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Friday, March 3, 2017

Inside February.

I know I dropped it around here somewhere. Marvin, have you seen it? What's that? Oh, right ... I dropped it on the internets. How could I forget? Yes, well ... we FINALLY got around to dropping a new episode of THIS IS BIG GREEN, featuring Ned Trek 31: It's a Profitable Life. Yes, it's a Christmas special, so think of it as that fruitcake you never opened in December, shoved to the back of the fridge, and you happen upon it one cold February morning - a happy accident! Except that, well ... it's a fruitcake. So, like it or not, here's what you'll find alongside the pecans and candied fruit:

Ned Trek 31: It's a Profitable Life - Our parody of "It's a Wonderful Life" as played by your favorite Ned Trek characters: Captain Willard Mittilius Romney in the James Stewart role; Peter Lorre as the angel- (or, rather, devil- )in-training (Gladston Goodstein); Paul Ryan sitting in for the main character's younger brother; Bernie Sanders as the bank examiner who ends up running the bank as a worker-owned enterprise, and so on. It even features Thomas Malthus, the 18th-19th Century political economist, as the boss fallen angel. An hour of cheap laughs and satirical tirades fit for no man.

Ned Trek 31 also includes 5 new Big Green songs:
  • You Can't Do Anything - Straight rock number sung by Sulu that asks the question, "Are you having fun?" then talks about fascists on the couch at Christmas. What more can you ask?
  • You Asked Me How - A 6/8, fifties-sounding song sung by Ned himself. Hear me, Android!It's a profitable life
  • Fountainhead - Another rock number, sung in the "voice" of Ayn Rand acolyte Paul Ryan, about his favorite subject .... him, and his bankrupt philosophy.
  • Christmas Without You - Doc Coburn song. If you listen carefully, you can hear a bad imitation of his colleague, Dr. John, in the background vocals.
  • Christmas Pearls - A jaunty little Christmas Carol sung by Mr. Perle, in which he makes the case for his return as a top White House advisor on foreign policy, defense, and getting us into endless (but highly profitable) wars. In other words, a different version of the same song he always sings on Ned Trek.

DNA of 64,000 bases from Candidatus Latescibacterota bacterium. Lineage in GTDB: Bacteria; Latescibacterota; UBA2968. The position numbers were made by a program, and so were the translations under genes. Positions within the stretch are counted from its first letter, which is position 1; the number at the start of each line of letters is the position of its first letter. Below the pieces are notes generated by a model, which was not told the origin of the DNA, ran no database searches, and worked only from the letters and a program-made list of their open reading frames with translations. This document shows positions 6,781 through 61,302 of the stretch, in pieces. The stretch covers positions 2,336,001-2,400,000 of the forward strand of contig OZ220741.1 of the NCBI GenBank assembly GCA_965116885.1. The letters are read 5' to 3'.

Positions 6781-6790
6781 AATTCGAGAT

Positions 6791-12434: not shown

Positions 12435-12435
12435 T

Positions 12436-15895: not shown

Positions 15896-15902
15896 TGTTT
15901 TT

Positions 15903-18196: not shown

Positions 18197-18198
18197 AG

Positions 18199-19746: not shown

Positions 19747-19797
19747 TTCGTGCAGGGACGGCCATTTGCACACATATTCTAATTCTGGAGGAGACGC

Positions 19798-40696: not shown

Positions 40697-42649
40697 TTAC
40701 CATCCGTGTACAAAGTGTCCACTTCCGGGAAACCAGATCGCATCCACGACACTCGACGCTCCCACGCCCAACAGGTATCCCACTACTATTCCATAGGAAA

Put The Phone Down - Our stranger than usual conversation opens with something like a song, ranges into some apologizing, lamenting the loss of John Hurt (whose resonant Shakespearean voice is often badly imitated on our podcast), a look back at my turkey house apartment in the 1980s, and wrap up with an impromptu version of Special Kind of Blood.

So, hey ... Happy Holidays. Belated.

The king's speech.

How did you spend that prime time hour this past Tuesday night? I will admit to watching the entire Trump address to a Joint Session of Congress, and I have to say ... it's evident he hired a speechwriter sometime over the past six weeks. His inaugural was a patchwork hodgepodge of paranoid tropes and random utterances, crudely constructed by the likes of Miller and Bannon with some input, most likely, form Trump's demon spawn. Wednesday's speech was full of craven ideas and scapegoating, but it was comparatively well-crafted. Someone massaged the prose a bit, inserted some lofty rhetoric and clever turns of phrase. I think that accounts in large measure for the "tone" difference TV commentators have been crowing about ever since.

Maytag Repairman-in-ChiefAnd the substance of the king's speech? Nauseating, in my humble opinion. The truly low points for me were the jingoistic celebration of the widow of that Navy Seal killed in that botched Yemen raid, the announcement of a special Homeland Security office tracking victims of immigrant crimes, the promise to raise the already bloated military budget by 10% ... I could go on. Of those three, the first one was strange in that Trump had previously (that day, I believe) thrown his generals under the bus for that failed mission, on Fox News. (Plus, the Navy Seal's father is hopping mad about it, and rightfully so.) But point to a war widow, and politicians will always stand up and cheer. It's their way of channeling our relief that we are no longer called upon to fight wars or to pay for them up front. Cynical in the extreme.

That extended riff on the victims of immigrant crime was particularly disturbing. They are setting up an office (with the acronym VOICE, no less) to do something like what Der Sturmer used to do to German Jews - namely, front page any violent crimes committed by individuals in that group as a means of stoking outrage against the entire group. It's an effective tactic, and the Trump bots are embracing it wholeheartedly. (I got into some mini-Twitter wars with a couple of them after the speech.) It's up to us to push back on this and to encourage our representatives to do the same.

Let's face it - it's going to be a long, long four years. Perhaps even longer. So we need to start building now.

luv u,

jp